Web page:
Even before the reforms of the immigration law in 2005 some communes have been going ahead. They saw the necessity to change the picture of their aliens departments as ‘dark and stuffy offices’ and prescribed them a better service and customers orientation (Ramm 2012: 233–236). Looking at the landscape today one can conclude that they have been the forerunners of what is accepted mainstream at present. The prominence of the topic is proved by the fact that even the German government claimed in its coalition agreement of 2009 that the service of the aliens departments shall be improved (CDU/ CSU/ FDP 2009: 75). Actually (2013) the Federal Office for Migration and Refugees is heading a project that supports aliens departments to become ‘Welcome Offices’ in the nearer future (BAMF 2012).
The probably most highly institutionalized aliens/ welcome office in Germany today is the Hamburg Welcome Center (HWC). The HWC is offering a service consisting of different measures. It is running a webpage, where foreigners can find first information about living and working in Hamburg. Furthermore newcomers can make an appointment for a personal counselling interview on housing, family or childcare in Hamburg. Services and advice can be offered in English if wished. Since Hamburg is as well a local authority as it is a Federal State it was possible for the HWC to bundle different tasks that in other cities might have to be shared between different authorities. E.g. the HWC can supply a one-stop-government for highly-qualified migrants for issuing residence permits or registration of the place of residence (Steller 2012: 190–199).
To make Germany more welcoming for foreigners it might be necessary to activate more actors than those dealing with migration questions anyway.
First: Doing things good or better is worth nothing if no one knows. Thus, the actual and maybe forthcoming changes in German immigration policy have to be advertised worldwide as well. It might therefore be necessary to incorporate more players than before for lobbying for immigration to Germany: diplomatic representations, internationally operating companies or chambers of foreign trade (SVR 2011: 95).
Second: In the end it may be much more important that all these change are not only worked out by officials but are supported by those, who will be in contact with the newcomers daily – the public. According to actual surveys, there is only little reason to worry. The SVR-Migrationsbarometer – a survey of 2,450 persons with or without a migratory background in Germany – shows that 60 per cent of the German population support more immigration of high qualified to Germany; 70 per cent wish less immigration of low qualified. Interestingly nearly half of the interviewed demand to be more generous concerning refugees as well (SVR 2011: 27). A little bit more sceptical is the picture found in a survey of the Bertelsmann Stiftung (2012). It shows that the attitude of the population is divided regarding immigration and that participants see as much advantages as disadvantages resulting from it.
This essay has described two new momentums that are relevant for the discussion on a Welcome Culture in Germany. It has shown that a lot of changes have taken place in the recent past and that (much) more are planned for the nearer future. In the end, some critical reflections may show that indeed the goal is still not achieved and that a few aspects have not been addressed or deliberated so far:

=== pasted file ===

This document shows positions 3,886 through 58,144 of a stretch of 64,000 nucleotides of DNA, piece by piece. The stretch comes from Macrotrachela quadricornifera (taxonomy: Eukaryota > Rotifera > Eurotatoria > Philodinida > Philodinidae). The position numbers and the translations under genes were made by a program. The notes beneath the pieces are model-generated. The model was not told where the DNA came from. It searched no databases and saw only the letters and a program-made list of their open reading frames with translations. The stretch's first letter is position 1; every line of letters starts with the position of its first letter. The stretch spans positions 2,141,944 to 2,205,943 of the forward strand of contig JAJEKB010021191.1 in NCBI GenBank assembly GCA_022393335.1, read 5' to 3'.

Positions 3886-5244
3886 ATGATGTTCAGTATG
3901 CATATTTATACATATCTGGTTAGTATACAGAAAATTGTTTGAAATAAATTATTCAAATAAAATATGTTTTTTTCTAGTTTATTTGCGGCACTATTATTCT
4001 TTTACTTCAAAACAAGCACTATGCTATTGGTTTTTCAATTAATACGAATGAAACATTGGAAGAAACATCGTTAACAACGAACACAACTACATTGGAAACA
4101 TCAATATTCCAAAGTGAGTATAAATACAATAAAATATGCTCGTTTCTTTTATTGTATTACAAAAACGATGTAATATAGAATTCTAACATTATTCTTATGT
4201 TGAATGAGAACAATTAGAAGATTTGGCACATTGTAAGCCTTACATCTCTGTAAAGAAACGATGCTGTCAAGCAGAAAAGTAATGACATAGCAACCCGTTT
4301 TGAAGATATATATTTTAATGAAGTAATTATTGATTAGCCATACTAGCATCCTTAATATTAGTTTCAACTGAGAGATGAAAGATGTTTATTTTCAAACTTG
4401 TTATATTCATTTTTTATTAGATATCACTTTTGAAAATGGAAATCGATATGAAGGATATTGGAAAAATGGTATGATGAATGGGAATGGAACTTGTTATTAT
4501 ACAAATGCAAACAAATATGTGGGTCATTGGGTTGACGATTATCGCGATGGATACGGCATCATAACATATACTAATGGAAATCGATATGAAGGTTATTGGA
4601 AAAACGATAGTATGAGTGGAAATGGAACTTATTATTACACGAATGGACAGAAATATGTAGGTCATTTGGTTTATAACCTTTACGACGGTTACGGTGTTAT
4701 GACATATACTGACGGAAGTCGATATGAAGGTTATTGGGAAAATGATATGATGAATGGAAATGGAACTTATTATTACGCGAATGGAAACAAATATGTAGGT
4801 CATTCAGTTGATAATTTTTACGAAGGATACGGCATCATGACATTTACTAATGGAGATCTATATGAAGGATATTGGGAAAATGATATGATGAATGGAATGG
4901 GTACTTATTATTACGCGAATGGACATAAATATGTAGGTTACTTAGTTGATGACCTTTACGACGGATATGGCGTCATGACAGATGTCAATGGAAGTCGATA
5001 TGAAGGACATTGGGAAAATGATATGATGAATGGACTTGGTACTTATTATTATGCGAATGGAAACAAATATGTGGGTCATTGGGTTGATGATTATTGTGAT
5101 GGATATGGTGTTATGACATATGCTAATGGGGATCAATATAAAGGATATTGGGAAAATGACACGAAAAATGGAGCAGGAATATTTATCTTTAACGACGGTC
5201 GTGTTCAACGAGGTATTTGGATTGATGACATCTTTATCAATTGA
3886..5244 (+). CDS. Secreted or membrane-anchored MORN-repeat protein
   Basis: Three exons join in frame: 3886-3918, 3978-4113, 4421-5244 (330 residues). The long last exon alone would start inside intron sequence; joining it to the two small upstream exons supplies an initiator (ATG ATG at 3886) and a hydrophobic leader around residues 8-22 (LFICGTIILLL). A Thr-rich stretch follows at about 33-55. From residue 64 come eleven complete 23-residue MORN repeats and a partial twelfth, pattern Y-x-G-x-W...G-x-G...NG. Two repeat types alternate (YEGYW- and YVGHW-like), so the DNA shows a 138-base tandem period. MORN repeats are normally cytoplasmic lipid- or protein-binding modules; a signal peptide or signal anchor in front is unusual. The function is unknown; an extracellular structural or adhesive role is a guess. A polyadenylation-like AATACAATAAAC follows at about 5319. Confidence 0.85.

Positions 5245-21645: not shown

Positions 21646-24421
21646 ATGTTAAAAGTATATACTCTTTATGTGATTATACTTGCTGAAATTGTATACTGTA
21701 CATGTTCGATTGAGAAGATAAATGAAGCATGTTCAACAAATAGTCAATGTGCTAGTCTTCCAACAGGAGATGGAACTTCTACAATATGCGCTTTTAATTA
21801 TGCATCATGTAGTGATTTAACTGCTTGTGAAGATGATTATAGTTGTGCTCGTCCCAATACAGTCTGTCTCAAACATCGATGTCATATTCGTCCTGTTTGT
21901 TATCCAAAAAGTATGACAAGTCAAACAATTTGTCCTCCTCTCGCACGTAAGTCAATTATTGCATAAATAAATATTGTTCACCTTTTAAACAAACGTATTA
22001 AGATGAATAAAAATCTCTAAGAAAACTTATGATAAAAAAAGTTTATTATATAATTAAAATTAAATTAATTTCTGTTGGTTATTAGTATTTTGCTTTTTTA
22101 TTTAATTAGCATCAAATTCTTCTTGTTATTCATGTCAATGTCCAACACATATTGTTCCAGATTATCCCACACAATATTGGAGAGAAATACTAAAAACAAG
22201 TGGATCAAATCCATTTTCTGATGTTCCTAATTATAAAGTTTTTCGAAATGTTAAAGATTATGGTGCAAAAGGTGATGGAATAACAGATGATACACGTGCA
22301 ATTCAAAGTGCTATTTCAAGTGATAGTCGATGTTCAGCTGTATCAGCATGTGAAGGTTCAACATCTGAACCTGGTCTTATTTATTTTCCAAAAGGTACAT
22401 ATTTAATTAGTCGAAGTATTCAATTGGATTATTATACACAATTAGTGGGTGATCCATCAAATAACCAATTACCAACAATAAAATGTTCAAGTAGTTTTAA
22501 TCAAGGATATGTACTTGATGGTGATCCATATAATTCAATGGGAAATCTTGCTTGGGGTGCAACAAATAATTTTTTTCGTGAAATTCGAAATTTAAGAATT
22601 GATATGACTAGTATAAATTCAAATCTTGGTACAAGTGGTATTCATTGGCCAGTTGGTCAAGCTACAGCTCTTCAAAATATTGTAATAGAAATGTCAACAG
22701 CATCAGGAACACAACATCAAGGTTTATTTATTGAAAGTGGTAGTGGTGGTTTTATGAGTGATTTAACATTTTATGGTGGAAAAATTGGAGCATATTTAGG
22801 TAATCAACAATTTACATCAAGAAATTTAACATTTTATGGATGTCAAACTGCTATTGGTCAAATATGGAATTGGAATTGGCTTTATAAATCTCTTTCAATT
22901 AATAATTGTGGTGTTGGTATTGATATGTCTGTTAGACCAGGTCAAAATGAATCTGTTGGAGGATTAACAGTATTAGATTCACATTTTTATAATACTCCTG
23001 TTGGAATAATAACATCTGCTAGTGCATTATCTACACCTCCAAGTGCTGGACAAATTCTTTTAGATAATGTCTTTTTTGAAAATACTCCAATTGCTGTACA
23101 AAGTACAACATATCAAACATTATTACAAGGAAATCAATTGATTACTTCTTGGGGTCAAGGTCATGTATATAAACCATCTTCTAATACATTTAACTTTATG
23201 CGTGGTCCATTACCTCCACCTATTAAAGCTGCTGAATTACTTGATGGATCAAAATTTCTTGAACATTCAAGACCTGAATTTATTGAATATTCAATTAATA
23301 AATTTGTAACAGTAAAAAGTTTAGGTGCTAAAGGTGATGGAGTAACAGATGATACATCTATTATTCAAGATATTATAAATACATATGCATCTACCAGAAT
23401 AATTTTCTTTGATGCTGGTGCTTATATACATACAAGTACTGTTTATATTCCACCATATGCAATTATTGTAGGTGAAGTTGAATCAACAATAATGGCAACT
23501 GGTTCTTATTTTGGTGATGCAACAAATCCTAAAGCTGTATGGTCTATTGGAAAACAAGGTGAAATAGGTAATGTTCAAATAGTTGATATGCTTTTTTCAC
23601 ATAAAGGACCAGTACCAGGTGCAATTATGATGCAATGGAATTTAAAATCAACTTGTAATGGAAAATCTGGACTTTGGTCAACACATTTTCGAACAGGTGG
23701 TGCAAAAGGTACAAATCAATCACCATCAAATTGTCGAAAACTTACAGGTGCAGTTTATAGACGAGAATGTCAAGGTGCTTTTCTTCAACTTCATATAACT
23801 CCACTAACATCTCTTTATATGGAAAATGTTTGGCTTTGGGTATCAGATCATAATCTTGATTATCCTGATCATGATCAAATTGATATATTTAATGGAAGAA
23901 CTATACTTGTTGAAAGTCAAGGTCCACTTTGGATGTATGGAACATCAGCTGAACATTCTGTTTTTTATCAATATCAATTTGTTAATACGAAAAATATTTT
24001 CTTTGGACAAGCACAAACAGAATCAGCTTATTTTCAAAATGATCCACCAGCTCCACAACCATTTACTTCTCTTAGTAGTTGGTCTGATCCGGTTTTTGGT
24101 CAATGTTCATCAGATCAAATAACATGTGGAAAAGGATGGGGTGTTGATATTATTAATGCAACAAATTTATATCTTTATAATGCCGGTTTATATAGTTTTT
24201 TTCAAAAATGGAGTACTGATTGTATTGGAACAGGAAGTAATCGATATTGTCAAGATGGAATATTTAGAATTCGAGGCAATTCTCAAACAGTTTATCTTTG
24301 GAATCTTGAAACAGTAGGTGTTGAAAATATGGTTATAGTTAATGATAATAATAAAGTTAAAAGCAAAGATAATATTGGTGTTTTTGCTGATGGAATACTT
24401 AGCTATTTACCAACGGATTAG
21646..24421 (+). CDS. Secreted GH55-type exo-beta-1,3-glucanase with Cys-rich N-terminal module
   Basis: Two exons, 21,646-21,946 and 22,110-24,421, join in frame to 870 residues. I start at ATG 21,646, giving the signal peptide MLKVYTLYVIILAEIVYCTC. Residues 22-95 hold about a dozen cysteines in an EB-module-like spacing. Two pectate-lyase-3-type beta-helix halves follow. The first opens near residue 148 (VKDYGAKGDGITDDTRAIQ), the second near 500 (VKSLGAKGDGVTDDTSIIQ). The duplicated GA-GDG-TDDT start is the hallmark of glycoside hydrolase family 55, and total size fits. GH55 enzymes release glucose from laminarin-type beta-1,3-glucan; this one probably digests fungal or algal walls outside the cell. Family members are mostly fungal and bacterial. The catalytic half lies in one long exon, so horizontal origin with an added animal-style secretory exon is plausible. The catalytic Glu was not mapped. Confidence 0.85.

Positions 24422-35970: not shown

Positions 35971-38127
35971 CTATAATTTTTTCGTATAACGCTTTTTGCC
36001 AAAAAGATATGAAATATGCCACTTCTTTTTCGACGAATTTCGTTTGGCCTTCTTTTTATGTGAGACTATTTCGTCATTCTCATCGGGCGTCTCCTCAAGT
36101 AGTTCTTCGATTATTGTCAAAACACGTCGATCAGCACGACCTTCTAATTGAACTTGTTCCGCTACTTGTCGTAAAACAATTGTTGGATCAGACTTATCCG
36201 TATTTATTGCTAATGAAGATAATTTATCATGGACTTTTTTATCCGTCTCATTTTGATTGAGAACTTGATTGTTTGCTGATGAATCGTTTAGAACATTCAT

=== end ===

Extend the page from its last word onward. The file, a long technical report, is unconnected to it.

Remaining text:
As mentioned before, the debate on Welcome Culture is motivated by the will to attract more highly-qualified migrants to come to Germany. It was further shown, that integration measures are one instrument to fulfil this goal. Looking at this in detail one might identify a logical mistake: The reason, why highly-qualified migrants (instead of low-qualified) should be attracted is, that their potential insures, that they will be net-contributors to the social systems, that they will create jobs or fill vacancies on the job market. To put it the other way round: the better migrants are selected according to the needs of their new home country, the less they are addicted to integration measures. Stressing this argument further means, that campaigning with integration measures is less interesting for high qualified than it is for low qualified.
Focusing only on the highly-qualified migrants might bear another problem. Obviously there is the risk of discrepancy, if a society is debating about migration of high qualified positively, but negatively about migration in general. Highly-qualified foreigners willing to migrate to Germany might anticipate, how other migrants – that arrive today, are not allowed to immigrate or are living in the country for decades – are treated, if they are not highly-qualified (see the results of the SVR-Migrationsbarometer cited before). The picture of a Germany that is welcoming newcomers must be much wider if it wants to be coherent.
A point missing in the debate is the proportion between the amount of migration from third and European countries to Germany. More than 60 per cent of the migrants today are Europeans (SVR 2011: 38). This means, that they have been immigrating on the basis of the inner European freedom of movement. Immigration law thus has not have had any influence on their decision to migrate. Therefore, while for 40 per cent of the migrants, law plus Welcome Culture are factors that influence their migration decision, for the other 60 per cent Welcome Culture is the only instrument to be more attractive than other countries.